Backing Up and Restoring the KeyDB deployments on Tanzu Kubernetes Grid

KeyDB is an open source in-memory data store with a number of advanced features for high availability and data optimization. Its a high performance fork of Redis with a focus on multi-threading, memory efficiency, and high throughput. KeyDB maintains full compatibility with the Redis protocol, modules, and scripts. All 16 default logical databases on each KeyDB instance can be used and standard KeyDB/Redis protocol is supported without any other limitations.

For this demonstration, we leveraged on Tanzu Kubernetes Grid 2.3.0 (Kubernetes 1.26.x) to create a well-configured and highly available infrastructure for our KeyDB deployment. The Tanzu Infrastructure played an important role in optimizing the deployment and management of KeyDB, adding further value to the backup and restore capabilities.

Once you have your KeyDB cluster deployed on Kubernetes, it is essential to put a data backup strategy in place to protect the data within KeyDB. This backup strategy is needed for many operational scenarios, including disaster recovery planning, off-site data analysis, application load testing, and so on.

This document explains the process to back up and restore a KeyDB Service on Tanzu Kubernetes Grid clusters using Velero, an open-source Kubernetes backup/restore tool.


  • Configure two separate TKG Workload:
    • A source cluster
    • A destination cluster
  • Install the kubectl and Helm v3 CLI on the client machine.
  • Install the Velero CLI on the client machine.
  • Configure a S3 compatible storage for storing the backups.
  • Install Velero on the source and destination cluster.
  • For more information about Velero installation and best practices, see Installing Velero in Tanzu Kubernetes Cluster .

Deploy KeyDB Uusing Helm

For this demonstration purpose, we use Helm deploy KeyDB using Helm on source cluster, and upload data to it.

  1. Create a new namespace keydb on source cluster for deploying the KeyDB Service.

  2. Deploy KeyDB using Helm by running the following command:

    helm repo add enapter
    helm install keydb enapter/keydb -n keydb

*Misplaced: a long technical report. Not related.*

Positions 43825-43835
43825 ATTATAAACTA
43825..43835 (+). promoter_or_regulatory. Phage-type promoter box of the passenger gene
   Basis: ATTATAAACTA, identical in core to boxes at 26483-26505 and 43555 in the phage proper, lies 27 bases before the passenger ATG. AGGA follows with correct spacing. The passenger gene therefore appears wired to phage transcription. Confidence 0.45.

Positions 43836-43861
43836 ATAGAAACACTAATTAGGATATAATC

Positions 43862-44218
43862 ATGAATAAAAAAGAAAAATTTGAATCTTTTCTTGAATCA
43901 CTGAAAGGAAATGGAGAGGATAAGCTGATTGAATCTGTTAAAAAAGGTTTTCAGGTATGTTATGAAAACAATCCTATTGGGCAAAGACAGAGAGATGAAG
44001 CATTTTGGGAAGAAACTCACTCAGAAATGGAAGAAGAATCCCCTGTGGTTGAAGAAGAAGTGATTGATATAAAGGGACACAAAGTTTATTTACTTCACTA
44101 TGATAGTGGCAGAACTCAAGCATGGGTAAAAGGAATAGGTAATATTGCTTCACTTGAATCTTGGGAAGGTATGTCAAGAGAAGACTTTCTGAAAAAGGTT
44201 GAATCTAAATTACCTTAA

3. Deploy a Redis client pod that you can use as a client to connect to KeyDB database:

    kubectl run --namespace keydb keydb-cluster-client --rm --tty -i --restart='Never' --image -- bash
  4. Connect to KeyDB using the RedisCLI:

    redis-cli -c -h keydb
  5. Upload data for testing purposes:

    set foo 100
    set bar 200
    set foo1 300
    set bar1 400
  6. Validate that the data has been uploaded:

    get foo
    get bar
    get foo1 
    get bar1 

Back up the KeyDB Deployment on the Source Cluster

In this section, we’ll use Velero to back up the KeyDB deployment including namespace.

  1. Before taking the backup, run the BGSAVE command for creating backups in KeyDB. The BGSAVE command creates a snapshot of the in-memory dataset and writes it to the disk.


    If you have specific requirements for data consistency or if you want to create a point-in-time snapshot, you can consider using the BGSAVE command in KeyDB to trigger a background save operation before initiating the Velero backup. However, in many cases, the combination of Velero and Restic is sufficient for routine backups without the need to stop the KeyDB database.

    kubectl run --namespace keydb keydb-cluster-client --rm --tty -i --restart='Never' --image -- bash
    redis-cli -c -h keydb
  2. Back up the KeyDB database using velero:

    # velero backup create keydb-backup-01a --include-namespaces keydb
    Backup request "keydb-backup-01a" submitted successfully.
    Run `velero backup describe keydb-backup-01a` or `velero backup logs keydb-backup-01a` for more details.
  3. Validate the backup status by running the following command:

    # velero backup describe keydb-backup-01a --details

Restore the KeyDB Deployment on the Destination Cluster

We’ll now restore the KeyDB deployment on the destination cluster.

  1. To restore the backup, run the following command:

    # velero restore create --from-backup keydb-backup-01a
    Restore request "keydb-backup-01a-20231221082628" submitted successfully.
    Run `velero restore describe keydb-backup-01a-20231221082628` or `velero restore logs keydb-backup-01a-20231221082628` for more details.
  2. Ensure that the PVCs are recovered, and the status of the active PVC is bound:

    # kubectl get pvc -n keydb
    NAME                 STATUS   VOLUME                                     CAPACITY   ACCESS MODES   STORAGECLASS   AGE
    keydb-data-keydb-0   Bound    pvc-ccffc288-9e83-4214-8c17-ee291db5d819   1Gi        RWO            default        89s
    keydb-data-keydb-1   Bound    pvc-d3618a90-d650-4346-ae40-8d54b800e03a   1Gi        RWO            default        89s
    keydb-data-keydb-2   Bound    pvc-da9107af-f184-4f4c-9e85-744b9634b9ef   1Gi        RWO            default        89s
  3. Ensure that the pods are up and running:

    # kubectl get pods -n keydb
    keydb-0   1/1     Running   0          79s
    keydb-1   1/1     Running   0          79s
    keydb-2   1/1     Running   0          79s
  4. Connect to the databse and ensure that data is intact:

    # kubectl run --namespace keydb keydb-cluster-client --rm --tty -i --restart='Never' --image -- bash
    If you don't see a command prompt, try pressing enter.
    I have no name!@keydb-cluster-client:/$ redis-cli -c -h keydb
    keydb:6379> get foo
    keydb:6379> get boo
    keydb:6379> get foo1
    keydb:6379> get boo1


Regular backups of your MariaDB deployments are crucial for ensuring data safety and minimizing downtime. By using the procedures explained in this document, you can establish a reliable backup routine and test restoration practices to guarantee a swift and successful recovery when needed.

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